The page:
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NOT trail riding? EVER?!

This is a discussion on NOT trail riding? EVER?! within the Trail Riding forums, part of the Riding Horses category

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        06-05-2013, 01:40 AM
      #131
    Yearling
    Quote:
    Originally Posted by Painted Horse    
    Sometimes we get hurt when that happens, sometimes we brush the dust off and laugh about it.
    But you know, it isn't me getting hurt that I worry about, it's those dainty little horse legs. I mean, they're about as thick as my wrist, and still expected to support not only somewhere around 1000 lbs of horse, but an extra 200 lbs of me & tack?

    I'm still gimpy from the ankle I sprained back in February - can't manage more than about a 5 mile hike on it - so I can't help but imagine what an unexpected hole, or a slip on pine needles, could do to those legs.
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        06-05-2013, 01:47 AM
      #132
    Trained
    Quote:
    Originally Posted by Dustbunny    
    I look at those photos and realize what a petunia I am......
    After I looked at them, I went and changed my drawers...
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        06-05-2013, 09:01 AM
      #133
    Yearling
    Quote:
    Originally Posted by jamesqf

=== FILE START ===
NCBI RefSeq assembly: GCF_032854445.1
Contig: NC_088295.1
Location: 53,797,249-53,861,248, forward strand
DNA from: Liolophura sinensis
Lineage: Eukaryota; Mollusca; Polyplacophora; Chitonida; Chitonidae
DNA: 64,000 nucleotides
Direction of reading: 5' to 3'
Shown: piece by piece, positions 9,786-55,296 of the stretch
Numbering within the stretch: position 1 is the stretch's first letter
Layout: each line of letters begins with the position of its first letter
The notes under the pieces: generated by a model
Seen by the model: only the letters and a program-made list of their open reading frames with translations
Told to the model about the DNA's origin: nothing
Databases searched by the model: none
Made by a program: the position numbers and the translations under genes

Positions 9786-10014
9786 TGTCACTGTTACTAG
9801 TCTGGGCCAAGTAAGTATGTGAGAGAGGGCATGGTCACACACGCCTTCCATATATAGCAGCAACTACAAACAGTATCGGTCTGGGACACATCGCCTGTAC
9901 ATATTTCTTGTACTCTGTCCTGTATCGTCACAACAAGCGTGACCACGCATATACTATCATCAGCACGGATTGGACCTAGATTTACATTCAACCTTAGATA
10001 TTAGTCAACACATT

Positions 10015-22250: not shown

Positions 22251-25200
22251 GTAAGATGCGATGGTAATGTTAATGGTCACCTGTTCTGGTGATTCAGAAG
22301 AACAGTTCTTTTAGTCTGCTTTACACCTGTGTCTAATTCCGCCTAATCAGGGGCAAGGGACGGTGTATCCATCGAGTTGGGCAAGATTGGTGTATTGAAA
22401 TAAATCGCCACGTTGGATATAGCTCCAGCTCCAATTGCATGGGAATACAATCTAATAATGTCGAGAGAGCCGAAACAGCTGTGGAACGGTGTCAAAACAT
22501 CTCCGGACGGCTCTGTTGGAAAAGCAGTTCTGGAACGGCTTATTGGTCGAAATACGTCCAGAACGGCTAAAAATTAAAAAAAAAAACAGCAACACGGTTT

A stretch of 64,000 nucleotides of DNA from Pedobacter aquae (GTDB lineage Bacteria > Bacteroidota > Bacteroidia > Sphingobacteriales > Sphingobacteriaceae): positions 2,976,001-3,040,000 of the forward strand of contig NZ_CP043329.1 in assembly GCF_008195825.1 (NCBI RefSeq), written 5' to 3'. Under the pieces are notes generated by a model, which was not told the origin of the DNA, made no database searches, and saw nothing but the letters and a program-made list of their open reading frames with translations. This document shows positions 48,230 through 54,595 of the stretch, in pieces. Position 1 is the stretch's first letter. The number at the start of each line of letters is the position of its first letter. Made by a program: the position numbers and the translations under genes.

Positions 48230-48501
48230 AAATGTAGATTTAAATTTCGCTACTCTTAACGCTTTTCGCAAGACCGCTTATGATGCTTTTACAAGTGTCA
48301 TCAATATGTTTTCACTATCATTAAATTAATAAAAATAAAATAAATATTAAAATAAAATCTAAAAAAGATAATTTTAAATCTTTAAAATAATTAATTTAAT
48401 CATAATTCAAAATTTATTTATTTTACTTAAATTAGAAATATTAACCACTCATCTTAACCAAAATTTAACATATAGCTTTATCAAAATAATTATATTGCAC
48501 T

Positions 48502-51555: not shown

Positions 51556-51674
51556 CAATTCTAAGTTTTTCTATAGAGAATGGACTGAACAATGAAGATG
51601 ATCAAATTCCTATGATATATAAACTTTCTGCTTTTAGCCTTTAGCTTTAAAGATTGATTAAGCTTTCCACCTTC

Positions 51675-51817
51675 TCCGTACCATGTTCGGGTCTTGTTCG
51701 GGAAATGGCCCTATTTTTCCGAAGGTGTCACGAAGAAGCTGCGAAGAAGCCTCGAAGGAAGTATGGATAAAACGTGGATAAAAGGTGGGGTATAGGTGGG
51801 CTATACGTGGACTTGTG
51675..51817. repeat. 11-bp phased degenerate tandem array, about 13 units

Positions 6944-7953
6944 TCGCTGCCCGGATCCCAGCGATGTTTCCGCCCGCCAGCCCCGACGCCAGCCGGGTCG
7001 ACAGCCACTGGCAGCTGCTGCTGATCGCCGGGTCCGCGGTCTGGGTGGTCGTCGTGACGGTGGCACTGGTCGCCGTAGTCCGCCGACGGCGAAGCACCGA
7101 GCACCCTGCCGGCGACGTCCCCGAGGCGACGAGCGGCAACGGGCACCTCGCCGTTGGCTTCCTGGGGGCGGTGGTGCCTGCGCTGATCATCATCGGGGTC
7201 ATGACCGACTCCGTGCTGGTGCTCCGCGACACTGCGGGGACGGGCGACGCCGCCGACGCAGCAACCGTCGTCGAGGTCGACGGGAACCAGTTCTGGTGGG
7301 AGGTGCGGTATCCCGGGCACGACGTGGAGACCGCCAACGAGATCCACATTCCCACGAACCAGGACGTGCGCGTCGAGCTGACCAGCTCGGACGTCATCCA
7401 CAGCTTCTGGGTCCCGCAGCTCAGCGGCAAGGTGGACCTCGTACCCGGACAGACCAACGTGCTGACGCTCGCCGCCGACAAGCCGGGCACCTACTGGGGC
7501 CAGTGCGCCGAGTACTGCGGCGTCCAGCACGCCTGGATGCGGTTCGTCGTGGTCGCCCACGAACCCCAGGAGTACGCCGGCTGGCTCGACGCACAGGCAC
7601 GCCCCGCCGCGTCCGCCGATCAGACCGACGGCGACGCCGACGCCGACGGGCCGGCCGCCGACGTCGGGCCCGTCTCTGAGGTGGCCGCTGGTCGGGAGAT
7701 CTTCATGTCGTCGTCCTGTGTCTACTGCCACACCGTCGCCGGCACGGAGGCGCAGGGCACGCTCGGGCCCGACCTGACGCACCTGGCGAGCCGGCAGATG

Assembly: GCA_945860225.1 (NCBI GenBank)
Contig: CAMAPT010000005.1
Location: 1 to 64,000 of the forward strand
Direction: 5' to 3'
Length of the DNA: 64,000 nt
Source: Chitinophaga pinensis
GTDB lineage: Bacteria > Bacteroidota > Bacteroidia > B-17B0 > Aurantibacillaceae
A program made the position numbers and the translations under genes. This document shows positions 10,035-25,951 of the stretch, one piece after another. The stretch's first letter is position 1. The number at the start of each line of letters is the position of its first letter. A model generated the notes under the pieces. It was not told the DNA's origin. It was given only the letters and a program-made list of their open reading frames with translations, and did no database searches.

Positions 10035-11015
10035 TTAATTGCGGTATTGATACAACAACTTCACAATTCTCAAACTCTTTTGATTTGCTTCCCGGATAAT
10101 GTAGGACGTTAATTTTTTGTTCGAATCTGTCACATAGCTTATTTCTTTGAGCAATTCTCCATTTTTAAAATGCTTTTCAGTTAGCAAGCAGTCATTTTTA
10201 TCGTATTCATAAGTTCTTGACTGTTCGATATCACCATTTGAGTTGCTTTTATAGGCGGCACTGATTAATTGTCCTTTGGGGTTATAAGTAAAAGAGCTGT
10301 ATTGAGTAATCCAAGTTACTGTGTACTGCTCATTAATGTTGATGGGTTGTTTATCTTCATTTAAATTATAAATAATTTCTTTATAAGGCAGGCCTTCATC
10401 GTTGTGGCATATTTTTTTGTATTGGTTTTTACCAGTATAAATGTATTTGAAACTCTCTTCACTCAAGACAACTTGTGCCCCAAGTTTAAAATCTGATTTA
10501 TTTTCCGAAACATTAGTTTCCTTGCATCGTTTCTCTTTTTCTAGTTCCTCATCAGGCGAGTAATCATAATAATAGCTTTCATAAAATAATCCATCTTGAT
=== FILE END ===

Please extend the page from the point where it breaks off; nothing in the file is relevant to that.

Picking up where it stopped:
But you know, it isn't me getting hurt that I worry about, it's those dainty little horse legs. I mean, they're about as thick as my wrist,
    You need to go watch the mustangs ran across the desert. They cross some incredible rough stuff at speed and rarely miss a beat.



    And when I think back of the nasty stuff I crossed on trail rides, that the horses hardly slowed down for.






    Just trust your horse.
         
        06-05-2013, 09:59 AM
      #134
    Trained
    Trust a horse used to that country? Yes. Trust ANY horse in rough terrain? No thanks. I've seen Mia sprint unharmed across a field of 12-24" sharp boulders, but I've also watched her fall riderless in our arena - dry, level footing. At a canter, she used to stumble every few minutes...although she is getting much better and no longer tries to canter with her nose 3 inches off the ground.

    Even Trooper, who grew up on a ranch in central Utah, has fallen chasing another horse (& while riderless). OTOH, I would trust our little BLM mustang pony. He takes care of himself at all times. I can't imagine him doing something stupid in the desert.

    I've written before that someday I hope to tell people, "Mia is just a trail horse", and then secretly laugh because I'll be the only one who will know how hard it has been to turn her into one. Going down a small but steep grade last week, she finally tucked her hind legs under and did it at a slow walk...controlled. She was a PITA the last 15 minutes of our ride yesterday, but did a half dozen laps of cantering when we got back and stayed balanced & controlled the whole time. She hasn't stumbled at a canter once this week, which is a record for her.

    It seems to me a good trail horse should be prized precisely because it is NOT something all horses are born knowing how to do. A horse who has spent almost all of her life in a corral doesn't know the same things as one that has lived loose. Lots of arena horses would need to learn how to move in rough terrain they have never seen before. And frankly, not all horses have the personality to be instant trail horses. The difference between Mia and Trooper is obvious in the picture below:



    Yesterday, following Mia (who was on high alert for some unknown reason), my youngest shouted out, "Hey Dad! Have you considered medical marijuana? Maybe I can talk Trooper into sharing some of his stash!"